Monthly Letter

The Vicarage

Dear Friends

Your word is a lamp to my feet and a light to my path. Psalm 119: 105

A few nights ago, I discovered that it is quite hard to navigate on Ilkley Moor in the dark.

Walking by the light of a narrow-beam torch, it was possible to spot the rocks just in front of me, but really very difficult to orient myself and be sure I was on the correct track. I ended up stumbling around looking for the path, knowing there was a pretty big drop somewhere but not quite sure how far away.

At one point, standing on top of the ridge, I turned the torch off, stopped walking and looked around. As my eyes became accustomed to the dark, the other lights in the distance – of Ilkley, Burley, and Otley – became brighter. The relief of the edge of the ridge was clearly black against the lights; and most reassuringly, the stones of the track shone dimly in the starlight. The world was transformed. I was reoriented and directed.

However, to move forward, I also had to turn the torch back on, to see the tufts of moorland and jutting-out rocks, so I didn’t trip. In the end, the focussed searching of the torch, coupled with the darker orientation against the distant lights and the black ridge border, enabled my safe return to civilisation.

This is a bit like bible reading and prayer. Oftentimes we find ourselves unsure of the path ahead in the light of a particular circumstance and we decide to pray, very directedly, for direction or specific intervention. It’s like targeted torchlight searching for a path ahead, but as a very narrow beam that leaves the rest of life full of shadows and confusion.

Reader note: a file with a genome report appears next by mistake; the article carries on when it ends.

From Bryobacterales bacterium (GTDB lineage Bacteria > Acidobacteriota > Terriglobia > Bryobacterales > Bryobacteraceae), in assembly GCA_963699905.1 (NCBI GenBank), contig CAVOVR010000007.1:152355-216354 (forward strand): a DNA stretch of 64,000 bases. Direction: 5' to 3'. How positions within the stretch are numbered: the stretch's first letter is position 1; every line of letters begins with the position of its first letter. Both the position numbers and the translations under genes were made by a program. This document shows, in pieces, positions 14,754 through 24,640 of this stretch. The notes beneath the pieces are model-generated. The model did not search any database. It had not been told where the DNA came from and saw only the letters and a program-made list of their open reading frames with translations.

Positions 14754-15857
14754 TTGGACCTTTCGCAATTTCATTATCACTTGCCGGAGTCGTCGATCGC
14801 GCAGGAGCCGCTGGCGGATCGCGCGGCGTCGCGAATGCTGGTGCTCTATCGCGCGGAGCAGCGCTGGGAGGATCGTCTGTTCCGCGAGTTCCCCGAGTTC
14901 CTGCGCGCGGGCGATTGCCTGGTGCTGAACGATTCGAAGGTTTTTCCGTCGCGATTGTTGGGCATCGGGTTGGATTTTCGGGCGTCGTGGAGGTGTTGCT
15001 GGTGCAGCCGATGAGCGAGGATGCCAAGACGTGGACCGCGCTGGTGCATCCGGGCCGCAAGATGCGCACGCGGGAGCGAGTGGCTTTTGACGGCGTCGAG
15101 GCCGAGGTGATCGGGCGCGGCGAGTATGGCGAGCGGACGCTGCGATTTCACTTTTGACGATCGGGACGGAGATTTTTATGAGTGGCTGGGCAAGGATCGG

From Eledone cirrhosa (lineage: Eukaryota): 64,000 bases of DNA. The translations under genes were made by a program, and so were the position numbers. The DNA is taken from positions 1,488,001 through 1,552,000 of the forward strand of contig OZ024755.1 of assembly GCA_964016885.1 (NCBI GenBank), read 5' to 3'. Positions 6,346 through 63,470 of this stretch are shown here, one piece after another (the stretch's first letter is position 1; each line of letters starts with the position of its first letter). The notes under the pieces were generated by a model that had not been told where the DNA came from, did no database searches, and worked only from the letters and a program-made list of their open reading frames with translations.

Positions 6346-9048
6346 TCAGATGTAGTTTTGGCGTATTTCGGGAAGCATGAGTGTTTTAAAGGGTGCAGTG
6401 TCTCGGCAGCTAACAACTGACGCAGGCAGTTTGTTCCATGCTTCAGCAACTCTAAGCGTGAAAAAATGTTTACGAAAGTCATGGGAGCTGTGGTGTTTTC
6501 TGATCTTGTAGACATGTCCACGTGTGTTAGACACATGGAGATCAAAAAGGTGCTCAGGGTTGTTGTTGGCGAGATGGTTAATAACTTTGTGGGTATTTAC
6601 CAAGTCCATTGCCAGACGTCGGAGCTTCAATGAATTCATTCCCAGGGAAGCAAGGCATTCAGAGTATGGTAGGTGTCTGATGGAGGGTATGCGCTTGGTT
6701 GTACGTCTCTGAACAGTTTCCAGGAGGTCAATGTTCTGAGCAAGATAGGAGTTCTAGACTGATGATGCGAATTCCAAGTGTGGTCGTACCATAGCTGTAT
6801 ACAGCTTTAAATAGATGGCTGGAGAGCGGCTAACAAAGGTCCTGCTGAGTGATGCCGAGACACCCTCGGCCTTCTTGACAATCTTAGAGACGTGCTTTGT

My experience on the moor made me reflect on the need to be more immersed in scriptures and more generally soaked in prayer, so that the landscape of faith is more discernible. The more we open ourselves to God rather than just using God for the immediate problems of life, perhaps the more we can see and appreciate the little lights in the distance. Those lights of little prayers answered. Those edges of terrain which stand out through a greater appreciation of the lie of the land in the Bible.

And maybe, just discernibly, we might be able to become accustomed to the general illumination of God and become more able to see the glowing path ahead. That doesn’t stop us needing our directed prayers and searches of God’s word as well; but it does mean that together we are oriented in our faith, comfortable with where we are and where we are going, and better able to trust God to guide us home.

Steve

 

 


 

 

 

 


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